Monday, January 16, 2012

Sourdough Bread

Right now I am blessed with time, and I have been able to whip up some truly delicious treats in the kitchen. My current obsession is sourdough bread - and other long-fermented breads.
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Look into the oven - it's the bread show, starring bread!
Wheat has been getting a bad rap these days. More and more people are developing severe dietary intolerances to wheat and gluten. However, some other people are beginning to suggest that traditional bread making methods, which can include periods of fermentation over 8 hours, can make bread more digestible [for some people]. I don't feel comfortable adding to the argument one way or another - there are some nice stories and lots of scary commentary floating around online, but actual facts seem a bit hard to come by.

Seeing as we don't have trouble eating wheat, gluten, or yeast, though... bread we'll make. I love good bread and I am delighted to be able to make it at home. I am going to keep making sourdough and other long-fermented breads because of the simple fact that the flavor and texture is superior, in my opinion, to quick-fermented bread. [And hey, if there's a health benefit, great!]

I got started down this path when we received an old Le Creuset dutch oven and we could finally try the now-famous "No-Knead" bread recipe. [Okay, actually I used a very similar recipe from Cook's Illustrated.] It relies on high hydration, small amounts of yeast, a long fermentation, and baking in a covered container to keep steam in. It makes good bread. Crispy crust, open crumb, pretty tasty.
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Almost no-knead bread
Then I begged sourdough starter from a friend who had some. I'd never made sourdough before. We tried one recipe from Cook's [our go-to resource these days], which came out OK.
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The first sourdough loaf

The real success came from King Arthur's Extra-Tangy Sourdough recipe. Again, it relies on a long fermentation, but ditches the dutch oven for a good healthy spritz of water in the oven to keep humidity levels up. [The recipe suggests adding citric acid - sour salt - for very sour bread, but the flavor so far has been superb without it.]

Wow, just wow. This bread is deeply flavorful with a fine-grained crumb, perfect for sandwiches and - my guilty pleasure - slathering with ridiculous amounts of butter and eating it warm. We've also made some really wonderful grilled cheese sandwiches with it, and together with a homemade creamy tomato soup, it's a simple, satisfying meal. Now I'm perusing the recipes on the King Arthur website and I'm thinking about adding sourdough to all the breads I love... popovers, crumpets, English muffins, ciabatta... chocolate cake?! It makes pretty good waffles, too. [No, this blog isn't supposed to be an advertisement for King Arthur, even though it seems like it right now. I just like the recipes - and the fact that they're freely available online. The stuff pictured below I got as Christmas gifts.]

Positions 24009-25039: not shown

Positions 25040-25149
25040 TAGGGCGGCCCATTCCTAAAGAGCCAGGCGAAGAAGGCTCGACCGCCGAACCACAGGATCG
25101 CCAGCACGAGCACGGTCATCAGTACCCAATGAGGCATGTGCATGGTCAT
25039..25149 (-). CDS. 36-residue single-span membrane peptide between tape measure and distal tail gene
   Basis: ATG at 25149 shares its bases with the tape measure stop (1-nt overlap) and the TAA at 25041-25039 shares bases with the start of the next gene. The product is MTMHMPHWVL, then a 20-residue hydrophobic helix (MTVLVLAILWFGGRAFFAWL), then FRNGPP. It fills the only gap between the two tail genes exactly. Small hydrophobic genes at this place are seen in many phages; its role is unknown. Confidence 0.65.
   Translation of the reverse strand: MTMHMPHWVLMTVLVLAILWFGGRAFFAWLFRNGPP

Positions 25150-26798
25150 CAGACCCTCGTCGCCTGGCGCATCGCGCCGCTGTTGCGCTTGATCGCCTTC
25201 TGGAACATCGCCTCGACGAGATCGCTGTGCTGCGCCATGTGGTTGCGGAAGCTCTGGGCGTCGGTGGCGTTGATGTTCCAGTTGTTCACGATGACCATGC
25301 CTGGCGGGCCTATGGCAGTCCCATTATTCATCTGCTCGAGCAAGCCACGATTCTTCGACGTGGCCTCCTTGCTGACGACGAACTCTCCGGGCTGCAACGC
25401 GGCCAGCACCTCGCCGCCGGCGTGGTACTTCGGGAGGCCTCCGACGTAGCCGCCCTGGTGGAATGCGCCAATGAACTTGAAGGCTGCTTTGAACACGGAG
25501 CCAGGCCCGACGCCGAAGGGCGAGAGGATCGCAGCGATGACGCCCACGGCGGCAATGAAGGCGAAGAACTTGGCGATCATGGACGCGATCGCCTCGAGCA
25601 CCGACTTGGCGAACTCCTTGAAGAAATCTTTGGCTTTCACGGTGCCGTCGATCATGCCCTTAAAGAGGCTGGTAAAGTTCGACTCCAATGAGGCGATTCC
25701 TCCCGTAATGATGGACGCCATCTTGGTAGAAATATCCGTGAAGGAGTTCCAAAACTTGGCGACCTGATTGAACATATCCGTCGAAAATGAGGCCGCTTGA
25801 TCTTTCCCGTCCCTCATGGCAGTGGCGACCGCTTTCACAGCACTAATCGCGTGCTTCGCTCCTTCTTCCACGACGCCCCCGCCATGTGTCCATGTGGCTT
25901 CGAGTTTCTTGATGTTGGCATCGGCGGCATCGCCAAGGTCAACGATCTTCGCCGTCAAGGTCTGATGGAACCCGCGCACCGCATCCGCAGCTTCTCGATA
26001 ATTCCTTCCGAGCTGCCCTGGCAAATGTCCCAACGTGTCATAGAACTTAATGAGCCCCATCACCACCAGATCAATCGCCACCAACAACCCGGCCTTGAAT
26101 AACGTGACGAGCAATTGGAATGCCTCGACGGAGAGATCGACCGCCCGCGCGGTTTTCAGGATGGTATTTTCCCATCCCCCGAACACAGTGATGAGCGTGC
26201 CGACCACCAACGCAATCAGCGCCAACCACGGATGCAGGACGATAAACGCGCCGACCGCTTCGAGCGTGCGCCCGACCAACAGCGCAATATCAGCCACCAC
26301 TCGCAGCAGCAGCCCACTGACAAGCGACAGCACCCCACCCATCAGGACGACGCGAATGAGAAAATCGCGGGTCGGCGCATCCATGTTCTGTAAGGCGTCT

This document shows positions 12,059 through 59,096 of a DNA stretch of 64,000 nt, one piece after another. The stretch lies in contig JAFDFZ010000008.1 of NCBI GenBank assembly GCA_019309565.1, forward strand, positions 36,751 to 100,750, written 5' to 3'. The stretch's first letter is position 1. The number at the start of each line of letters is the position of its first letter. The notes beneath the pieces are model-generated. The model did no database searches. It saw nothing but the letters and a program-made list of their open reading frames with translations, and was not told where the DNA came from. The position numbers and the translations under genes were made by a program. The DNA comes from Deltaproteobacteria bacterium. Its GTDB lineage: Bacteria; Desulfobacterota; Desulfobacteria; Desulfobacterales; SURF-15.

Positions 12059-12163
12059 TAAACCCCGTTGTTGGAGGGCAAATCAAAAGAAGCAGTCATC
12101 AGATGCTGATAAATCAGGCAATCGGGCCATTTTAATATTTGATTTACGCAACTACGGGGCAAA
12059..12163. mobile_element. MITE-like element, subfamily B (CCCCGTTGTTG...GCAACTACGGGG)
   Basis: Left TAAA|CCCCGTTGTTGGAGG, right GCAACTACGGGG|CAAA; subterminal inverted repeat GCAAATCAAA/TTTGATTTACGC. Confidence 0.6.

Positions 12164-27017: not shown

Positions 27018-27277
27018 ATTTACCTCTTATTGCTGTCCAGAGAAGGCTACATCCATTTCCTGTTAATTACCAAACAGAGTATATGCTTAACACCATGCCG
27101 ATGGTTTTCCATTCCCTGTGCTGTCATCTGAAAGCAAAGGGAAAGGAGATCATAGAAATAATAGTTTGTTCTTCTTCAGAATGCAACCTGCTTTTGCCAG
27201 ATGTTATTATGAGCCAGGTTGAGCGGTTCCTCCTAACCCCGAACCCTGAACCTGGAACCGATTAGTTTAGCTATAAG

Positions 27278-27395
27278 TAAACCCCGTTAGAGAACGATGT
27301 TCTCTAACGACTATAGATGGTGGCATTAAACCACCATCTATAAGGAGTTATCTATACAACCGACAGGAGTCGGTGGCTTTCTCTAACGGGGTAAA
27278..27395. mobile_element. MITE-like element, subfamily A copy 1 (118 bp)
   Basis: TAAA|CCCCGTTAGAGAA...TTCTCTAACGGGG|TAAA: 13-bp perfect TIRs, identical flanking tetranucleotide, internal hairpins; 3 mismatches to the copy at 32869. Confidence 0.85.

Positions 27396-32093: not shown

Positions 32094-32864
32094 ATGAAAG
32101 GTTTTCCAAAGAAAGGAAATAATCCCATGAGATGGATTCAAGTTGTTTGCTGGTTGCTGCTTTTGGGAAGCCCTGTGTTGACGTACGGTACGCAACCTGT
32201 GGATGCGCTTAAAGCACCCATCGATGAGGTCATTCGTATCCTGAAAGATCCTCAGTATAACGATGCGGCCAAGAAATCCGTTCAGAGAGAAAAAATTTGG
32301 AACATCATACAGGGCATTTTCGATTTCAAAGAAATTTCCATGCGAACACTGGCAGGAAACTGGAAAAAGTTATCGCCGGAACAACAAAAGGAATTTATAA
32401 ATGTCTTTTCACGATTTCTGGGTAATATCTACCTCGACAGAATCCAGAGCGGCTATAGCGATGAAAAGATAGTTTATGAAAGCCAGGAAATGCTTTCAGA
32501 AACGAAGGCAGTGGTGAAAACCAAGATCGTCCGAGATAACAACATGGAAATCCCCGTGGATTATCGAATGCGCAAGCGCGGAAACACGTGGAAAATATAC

So last night, I took out the crock of starter from the fridge and fed it with flour and water.
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The sourdough crock. It looks nicer than whatever Tupperware I had and is functional.

This morning, it was nice and bubbly.
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The starter culture eats carbs and produces carbon dioxide and alcohol. Bubbly!

Then I added a cup of starter to flour and water to make the sponge. This will ferment most of the afternoon on the counter, and all night in the fridge.
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Mmm, gloppy. That whisk thing looks crazy but does a great job mixing dough!

Tomorrow I will take it out, add bread flour, salt, and sugar, and let it continue to ferment; then I'll shape it into loaves, let them rise, slash them, spritz them, and bake them. Tomorrow's dinner will have delicious bread as an accompaniment.

Notice how I don't have any photos of finished sourdough loaves? Apparently I've been so excited to eat them that I can't be bothered to take a picture first. I'll have to remedy that tomorrow.

What's cooking in your kitchen these days?

2 comments:

Tim said...

Those loaves in the oven look like they're rising pretty high. How'd you do that? Mine always make short loaves even in a loaf pan.

Sarah said...

Good timing, because I just got some sourdough starter yesterday! I think I'm going to try a no-knead sourdough first and see how that turns out. I am intrigued by the sourdough pizza dough as well.